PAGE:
TUCSON, Arizona — A planned copper mine in the Santa Rita Mountains near Tucson will cause negative impacts, but it's in line with nearly all environmental laws, according to federal forest officials.
The U.S. Forest Service laid much of the groundwork for approval of the Rosemont Mine on Friday by releasing a final environmental impact statement. Still, the report shows that legal uncertainties and significant differences of opinion among agencies remain in the way of the mine's approval.
The report contains 100 pages of mitigation plans aimed at protecting not just water quality, but endangered species, dark skies for astronomy and other things.
The Environmental Protection Agency has denounced some of the plans as inadequate, and the Army Corps of Engineers has raised some concerns.
The Arizona Daily Star reported Saturday (http://bit.ly/1cd8NoO ) that the environmental impact statement — which fills six volumes and totals more than 2,400 pages — is a key step toward a final decision on the project, now in the works for more than seven years. The Forest Service has said it will issue a final decision in about four months.
While the report says the proposed mine will likely not violate federal air quality or endangered species laws, an opinion from the U.S. Fish and Wildlife Service said the mine could cause deaths among two endangered fish species and the endangered lesser long-nosed bat, cause harm to up to 50 threatened Chiricahua leopard frogs and harass the male jaguar.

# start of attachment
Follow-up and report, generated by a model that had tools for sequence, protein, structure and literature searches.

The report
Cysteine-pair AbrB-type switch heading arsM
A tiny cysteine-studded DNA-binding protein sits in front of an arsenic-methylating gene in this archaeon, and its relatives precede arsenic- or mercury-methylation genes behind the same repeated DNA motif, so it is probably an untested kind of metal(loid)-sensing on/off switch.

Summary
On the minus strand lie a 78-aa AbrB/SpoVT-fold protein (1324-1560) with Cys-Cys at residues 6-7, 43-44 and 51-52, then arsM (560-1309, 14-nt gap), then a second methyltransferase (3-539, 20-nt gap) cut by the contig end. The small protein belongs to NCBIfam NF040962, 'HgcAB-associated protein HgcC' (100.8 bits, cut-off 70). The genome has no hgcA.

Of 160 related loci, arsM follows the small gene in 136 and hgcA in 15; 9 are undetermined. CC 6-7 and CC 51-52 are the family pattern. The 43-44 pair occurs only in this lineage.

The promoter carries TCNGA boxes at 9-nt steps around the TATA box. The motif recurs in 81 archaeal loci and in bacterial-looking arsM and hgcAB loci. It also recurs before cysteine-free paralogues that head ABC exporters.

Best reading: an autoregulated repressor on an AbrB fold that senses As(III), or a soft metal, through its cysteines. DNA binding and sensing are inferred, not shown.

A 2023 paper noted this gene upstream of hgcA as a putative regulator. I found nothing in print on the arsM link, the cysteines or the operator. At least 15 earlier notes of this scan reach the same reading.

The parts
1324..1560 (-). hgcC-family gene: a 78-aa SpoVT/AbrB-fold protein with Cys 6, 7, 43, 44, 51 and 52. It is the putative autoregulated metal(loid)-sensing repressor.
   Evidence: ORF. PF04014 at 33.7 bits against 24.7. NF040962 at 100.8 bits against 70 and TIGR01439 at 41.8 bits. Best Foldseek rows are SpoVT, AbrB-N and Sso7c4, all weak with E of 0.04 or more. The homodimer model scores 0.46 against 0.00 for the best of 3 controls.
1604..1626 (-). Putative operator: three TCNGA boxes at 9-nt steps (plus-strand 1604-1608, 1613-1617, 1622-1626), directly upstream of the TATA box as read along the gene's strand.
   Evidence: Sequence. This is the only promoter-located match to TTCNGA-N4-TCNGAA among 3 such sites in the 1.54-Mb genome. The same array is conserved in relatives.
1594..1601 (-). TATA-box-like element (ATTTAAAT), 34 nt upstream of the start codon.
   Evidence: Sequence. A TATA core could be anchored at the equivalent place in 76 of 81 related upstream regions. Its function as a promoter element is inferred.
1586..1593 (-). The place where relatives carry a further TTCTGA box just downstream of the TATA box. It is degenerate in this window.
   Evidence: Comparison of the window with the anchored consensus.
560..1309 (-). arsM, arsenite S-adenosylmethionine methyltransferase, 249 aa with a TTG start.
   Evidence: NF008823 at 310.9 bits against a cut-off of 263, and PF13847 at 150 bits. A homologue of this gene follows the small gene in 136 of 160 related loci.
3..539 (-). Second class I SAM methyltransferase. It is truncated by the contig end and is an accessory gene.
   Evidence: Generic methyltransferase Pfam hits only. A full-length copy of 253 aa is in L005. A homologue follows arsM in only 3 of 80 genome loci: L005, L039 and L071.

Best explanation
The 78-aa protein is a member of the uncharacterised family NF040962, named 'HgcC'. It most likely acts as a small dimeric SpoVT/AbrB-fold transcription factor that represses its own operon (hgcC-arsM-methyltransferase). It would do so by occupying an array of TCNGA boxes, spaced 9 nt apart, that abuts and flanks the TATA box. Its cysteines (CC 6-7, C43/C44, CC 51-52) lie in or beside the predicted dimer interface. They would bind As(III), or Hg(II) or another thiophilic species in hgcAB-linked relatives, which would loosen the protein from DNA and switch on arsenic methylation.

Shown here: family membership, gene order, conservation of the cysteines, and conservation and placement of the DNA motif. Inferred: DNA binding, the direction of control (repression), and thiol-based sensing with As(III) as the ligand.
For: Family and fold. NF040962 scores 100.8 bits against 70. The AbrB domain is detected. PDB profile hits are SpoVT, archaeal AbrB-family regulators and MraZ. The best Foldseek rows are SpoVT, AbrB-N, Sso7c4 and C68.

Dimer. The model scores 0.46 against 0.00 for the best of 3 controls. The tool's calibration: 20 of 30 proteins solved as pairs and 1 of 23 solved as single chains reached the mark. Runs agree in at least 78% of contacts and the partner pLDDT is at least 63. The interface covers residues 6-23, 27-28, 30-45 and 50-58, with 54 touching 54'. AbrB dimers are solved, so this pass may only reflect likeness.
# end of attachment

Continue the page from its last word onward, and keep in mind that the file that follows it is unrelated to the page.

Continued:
The mine also has yet to show that it will meet a separate state regulation protecting Davidson Canyon and Cienega Creek, streams that are designated as outstanding waters.
Rosemont Copper has prodded the Forest Service for years to complete the environmental assessment. Due to delays in producing the report, the company has repeatedly pushed back its timetable for building and opening the mine. It hopes to start construction next year and start mining in 2016.
Company officials said this week they were excited to move forward.
Environmentalist Randy Serraglio said despite release of the generally favorable report, criticism from EPA shows the mine doesn't meet all applicable laws. If the Forest Service decides to permit the mine, he said the agency "should expect to be overwhelmed with formal objections."
The Forest Service's review also found that the mine's estimated average of 434 long-term jobs would generate about $85 million in direct and indirect annual income in Pima County, up to $29 million annually in employee spending and $90 million to $158 million annually in purchases from local vendors.
Construction of the mine — pegged at $897 million — would generate $369 million in local construction spending and a broader impact of $585 million across Pima County, according to the report.
Information from: Arizona Daily Star, http://www.azstarnet.com